When a search warrant is issued, it will have a description of the specific places that are allowed to be searched. In this case, the warrant permitted the police to search three motel rooms, any people who were believed to be involved in the crime, the curtilage, and any vehicles located in the curtilage. The SWAT team came in to perform the search. During the search, they saw the defendant leave one of the hotel rooms and walk to his car, which was parked a few feet away in the parking lot of the motel. He got into his car, and as he tried to leave, he was stopped by law enforcement, blocking him in. Then he got out of his car and lay on the ground. The officer searched his car and found drugs.

The question raised on this appeal was whether the search was legal. In other words, was the defendant’s car located in a place that was covered by the warrant? The answer rested on the definition of curtilage. If the defendant’s car was parked in the “curtilage,” the search was legal. If it was not part of the curtilage, the search was illegal and should be suppressed.

Florida cops and courts treat drug and other related crimes very seriously. A conviction can come with significant consequences, including long stretches behind bars and significant money penalties. Many drug cases also often involve the confiscation of money and other property seized by police officers during an investigation. As a recent case out of the Eleventh Circuit Court of Appeals makes clear, it can be tough to get that money back. State law creates only a small window of time to file a request to return seized property.

The defendant was charged with drug trafficking and money laundering following a 2006 police surveillance operation. Officers observed him pacing back and forth and talking on his cell phone for about 15 minutes before the defendant placed a black duffle bag in his car and drove off. They said he drove erratically to another location, where another man removed a black rolling suitcase from the defendant’s car. An undercover officer approached the two men and the defendant eventually consented to having the car searched, according to the court. The cops found “a significant amount” of cocaine and $738,000 in cash in the duffle bag inside the car.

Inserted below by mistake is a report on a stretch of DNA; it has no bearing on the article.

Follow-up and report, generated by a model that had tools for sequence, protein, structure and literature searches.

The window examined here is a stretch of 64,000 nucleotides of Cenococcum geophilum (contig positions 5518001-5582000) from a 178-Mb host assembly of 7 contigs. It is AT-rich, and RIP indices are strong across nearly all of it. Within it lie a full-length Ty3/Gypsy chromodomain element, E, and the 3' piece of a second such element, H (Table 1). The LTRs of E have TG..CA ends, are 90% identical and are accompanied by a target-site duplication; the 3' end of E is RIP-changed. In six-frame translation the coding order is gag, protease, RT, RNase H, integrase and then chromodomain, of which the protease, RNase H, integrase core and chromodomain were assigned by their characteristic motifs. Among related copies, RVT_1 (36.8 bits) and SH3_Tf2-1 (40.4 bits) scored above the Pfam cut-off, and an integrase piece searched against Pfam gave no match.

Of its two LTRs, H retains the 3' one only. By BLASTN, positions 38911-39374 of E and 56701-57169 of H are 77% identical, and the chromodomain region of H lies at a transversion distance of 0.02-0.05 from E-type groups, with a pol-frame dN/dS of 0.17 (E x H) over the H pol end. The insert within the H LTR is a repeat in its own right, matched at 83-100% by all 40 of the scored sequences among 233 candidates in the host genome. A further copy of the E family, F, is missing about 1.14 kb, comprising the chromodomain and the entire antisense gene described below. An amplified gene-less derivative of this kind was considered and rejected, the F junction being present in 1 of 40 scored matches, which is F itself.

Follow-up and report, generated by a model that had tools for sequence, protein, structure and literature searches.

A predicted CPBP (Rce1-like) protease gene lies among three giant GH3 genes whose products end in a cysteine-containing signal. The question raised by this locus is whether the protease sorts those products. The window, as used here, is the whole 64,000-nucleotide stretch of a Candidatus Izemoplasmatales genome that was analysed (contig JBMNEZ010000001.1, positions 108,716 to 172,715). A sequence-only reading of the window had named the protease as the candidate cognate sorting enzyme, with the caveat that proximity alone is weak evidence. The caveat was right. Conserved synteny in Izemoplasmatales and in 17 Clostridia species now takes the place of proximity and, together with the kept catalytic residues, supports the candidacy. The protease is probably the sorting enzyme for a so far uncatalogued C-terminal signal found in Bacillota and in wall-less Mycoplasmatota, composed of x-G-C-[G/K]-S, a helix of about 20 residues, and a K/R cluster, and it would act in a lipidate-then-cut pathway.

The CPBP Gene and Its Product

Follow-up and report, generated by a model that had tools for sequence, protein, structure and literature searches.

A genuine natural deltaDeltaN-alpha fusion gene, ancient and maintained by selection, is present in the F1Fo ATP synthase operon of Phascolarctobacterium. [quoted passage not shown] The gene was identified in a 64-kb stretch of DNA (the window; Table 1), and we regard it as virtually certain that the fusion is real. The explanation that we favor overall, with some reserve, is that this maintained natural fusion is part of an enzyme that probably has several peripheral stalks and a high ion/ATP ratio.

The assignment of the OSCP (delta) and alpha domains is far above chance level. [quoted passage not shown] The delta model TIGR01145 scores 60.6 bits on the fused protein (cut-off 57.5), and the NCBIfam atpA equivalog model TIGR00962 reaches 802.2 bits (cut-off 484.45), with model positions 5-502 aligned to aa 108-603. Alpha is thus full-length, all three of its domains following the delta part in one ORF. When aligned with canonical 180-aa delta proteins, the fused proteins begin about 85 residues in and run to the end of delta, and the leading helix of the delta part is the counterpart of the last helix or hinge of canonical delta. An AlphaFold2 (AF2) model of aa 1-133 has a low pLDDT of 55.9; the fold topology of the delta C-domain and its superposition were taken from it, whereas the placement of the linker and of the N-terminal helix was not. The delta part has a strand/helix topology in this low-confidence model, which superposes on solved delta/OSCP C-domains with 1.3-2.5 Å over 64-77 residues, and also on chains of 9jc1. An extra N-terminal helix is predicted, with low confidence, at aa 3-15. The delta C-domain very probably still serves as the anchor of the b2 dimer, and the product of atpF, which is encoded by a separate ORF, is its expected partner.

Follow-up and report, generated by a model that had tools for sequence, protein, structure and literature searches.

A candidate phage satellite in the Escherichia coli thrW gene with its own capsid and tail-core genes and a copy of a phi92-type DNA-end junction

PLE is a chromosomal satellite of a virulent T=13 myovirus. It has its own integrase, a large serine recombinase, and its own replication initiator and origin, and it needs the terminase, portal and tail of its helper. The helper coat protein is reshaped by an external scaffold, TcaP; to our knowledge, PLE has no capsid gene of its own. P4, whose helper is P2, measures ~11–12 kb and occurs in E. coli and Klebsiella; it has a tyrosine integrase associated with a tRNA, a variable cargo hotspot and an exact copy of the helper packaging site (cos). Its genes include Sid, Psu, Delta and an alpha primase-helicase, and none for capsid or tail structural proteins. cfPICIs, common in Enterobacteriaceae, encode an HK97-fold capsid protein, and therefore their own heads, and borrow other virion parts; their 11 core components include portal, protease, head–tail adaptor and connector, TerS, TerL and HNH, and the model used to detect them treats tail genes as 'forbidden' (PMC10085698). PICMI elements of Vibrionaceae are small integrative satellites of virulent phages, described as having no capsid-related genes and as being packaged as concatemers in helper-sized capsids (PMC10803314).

The defendant was convicted two years later and sentenced to 15 years in prison. Law enforcement officers also seized the money from the duffle bag. A state court denied Defendant’s request to force the return of the money. The court cited a Florida statute that provides that any property lawfully seized by a law enforcement agency becomes the property of that agency 60 days after the closure of court proceedings related to the property. The court said the defendant filed his request outside of that 60-day window.

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Police officers must have reasonable suspicion to believe that you’re committing a crime in order to stop your car on the road. They need to have probable cause—a higher bar—to actually search the car. These are two important protections for anyone suspected of or charged with a Florida crime. But, as the state’s Third District Court of Appeal recently pointed out, there are many ways in which the cops can legally stop your car and search it.

Defendant was charged with possession with intent to sell, manufacture or deliver a controlled substance after a police officer found Xanax pills in Defendant’s car. The officer, who was in an unmarked car investigating unrelated crimes in the area, said he originally pulled Defendant over because he noticed part of Defendant’s license plate was obscured. A metal frame was blocking “MyFlorida.com” from the top portion of the license plate and “Sunshine State” from the bottom portion. The officer said he searched the car because he smelled marijuana inside.

A trial judge agreed with Defendant that the search was illegal. As a result, the judge granted Defendant’s request to suppress all of the evidence gained during the stop, including the Xanax pills. The Third District reversed that decision on appeal, however, finding that state law gave the officer the right to pull Defendant’s car over.

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The rule against hearsay essentially bans a person from testifying in court about what another person said outside of court if the testimony is meant to prove that the out-of-court statement is true. As Florida’s Third District Court of Appeal recently pointed out in a murder case, however, there are a number of exceptions to this rule. That includes certain statements made by a person shortly before he or she dies.Defendant was charged with first degree murder and an assortment of related criminal offenses, stemming from the killing of a Florida man during what prosecutors described as a drug deal gone wrong. Defendant was visiting Miami from New York when he and a friend bought $5 worth of marijuana from M., according to the court. M. then arranged for Defendant to buy $1,500 in cocaine and marijuana from V., the court said. Defendant allegedly coaxed M. to his hotel room, where he and his associate claimed to be police officers, threatened M. with a gun, beat him, and forced M. to set up a meeting with V..